Dillenia indica
Leaves, fruits & buds in West Bengal, India
Scientific classification Edit this classification
Kingdom: Plantae
Clade: Tracheophytes
Clade: Angiosperms
Clade: Eudicots
Order: Dilleniales
Family: Dilleniaceae
Genus: Dillenia
D. indica
Binomial name
Dillenia indica

Dillenia indica, commonly known as elephant apple[2]: 171  or ou tenga,[3] is a species of Dillenia native to China, India, and tropical Asia.[3] It is found in stony river banks.[2]: 171 

This species was one of the many first described by Linnaeus in the 10th edition of his Systema Naturae in 1759.[4]


Albinistic Dillenia indica in Pakke Tiger Reserve, Arunachal Pradesh, India

It is an evergreen large shrub or small to medium-sized tree growing to 30 m tall, its trunk is crooked and irregular. The leaves are 15–36 cm long, with a conspicuously corrugated surface with impressed veins.[2]: 171 [5][page needed][6]

The flowers are large, 15–20 cm diameter with five white petals. They have two sets of stamens: outer straight stamens 13–15 mm long and inner bent yellow stamens 20–22 mm long.[2]: 171 [5][6]

Its fruits are large, round and greenish yellow consisting of 15 carpels together having a diameter of 5–12 cm. Each carpel has five seeds embedded in an edible but fibrous and glutinous pulp.[2]: 171 [5][6]


The name elephant apple comes from the fact that it produces a large hard edible fruit[5] which is accessible only to the megaherbivores in the wild like elephants. A study in the Buxa Tiger Reserve by ecologists Sekar & Sukumar has shown that Asian elephants appear to have a particular fondness for the fruits of D. indica, and are hence an important seed disperser for this tree. With the prospect of extinction of the elephants this tree has developed a back-up system, whereby its hard fruits that were only accessible to megaherbivores, slowly soften on the forest floor through the dry season to allow access to successively smaller animals such as macaques, rodents and squirrels. Seeds from both old and soft fruits are able to germinate well, enabling the persistence of this tree to be independent of the survival of its major megaherbivore disperser.[7]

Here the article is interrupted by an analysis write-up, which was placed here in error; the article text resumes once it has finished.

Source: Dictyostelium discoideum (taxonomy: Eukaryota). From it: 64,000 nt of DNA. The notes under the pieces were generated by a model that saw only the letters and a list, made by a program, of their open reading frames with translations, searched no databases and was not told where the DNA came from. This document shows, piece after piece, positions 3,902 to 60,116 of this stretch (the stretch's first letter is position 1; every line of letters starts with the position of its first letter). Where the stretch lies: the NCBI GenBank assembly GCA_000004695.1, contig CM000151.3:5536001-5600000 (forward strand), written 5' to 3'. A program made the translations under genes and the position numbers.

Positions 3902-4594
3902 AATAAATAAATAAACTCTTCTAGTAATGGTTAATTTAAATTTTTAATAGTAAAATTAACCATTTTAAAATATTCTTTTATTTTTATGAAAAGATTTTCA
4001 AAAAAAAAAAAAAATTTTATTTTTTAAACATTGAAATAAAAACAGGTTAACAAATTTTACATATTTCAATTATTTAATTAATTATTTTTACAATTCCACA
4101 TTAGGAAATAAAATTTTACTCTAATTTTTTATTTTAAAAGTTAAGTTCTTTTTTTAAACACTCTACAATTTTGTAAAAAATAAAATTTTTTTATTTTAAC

The fruit pulp is sour and used in Indian cuisine in curries, jam (ouu khatta), and jellies.[5]

Because it is a main source of food for elephants, monkeys and deer, collection of fruit from the core areas of the forest is prohibited. Commercial sale of the fruit is also prohibited, in an effort to help keep the food-chain system of the forest from dismantling totally.[8]

Its branches are used to make good firewood.[5][6]


  1. ^ Oldfield, S. (2020). "Dillenia indica". IUCN Red List of Threatened Species. 2020: e.T61994577A61994579. doi:10.2305/IUCN.UK.2020-2.RLTS.T61994577A61994579.en. Retrieved 19 November 2021.
  2. ^ a b c d e Hoogland, R.G. (1972). "Dilleniaceae". Flora Malesiana. 4 (1): 141–174 – via Naturalis Institutional Repository.
  3. ^ a b "Dillenia indica". Germplasm Resources Information Network. Agricultural Research Service, United States Department of Agriculture. Retrieved 6 May 2019.
  4. ^ Linnaeus, Carl (1758). Systema Naturae per Regna Tria Naturae, Secundum Classes, Ordines, Genera, Species, cum Characteribus, Differentiis, Synonymis, Locis (in Latin). Vol. 2 (10th revised ed.). Holmiae: (Laurentii Salvii). p. 1082.
  5. ^ a b c d e f Huxley, A., ed. (1992). New RHS Dictionary of Gardening. Macmillan. ISBN 0-333-47494-5.
  6. ^ a b c d Flora of Pakistan: Dillenia indica
  7. ^ Sekar, Nitin; Sukumar, Raman; Leishman, Michelle (2013). "Waiting for Gajah: an elephant mutualist's contingency plan for an endangered megafaunal disperser". Journal of Ecology. 101 (6): 1379–88. doi:10.1111/1365-2745.12157.
  8. ^ Sumanta Ray Chaudhuri (21 June 2007). "Elephants and villagers fight over pickle fruit". DNA.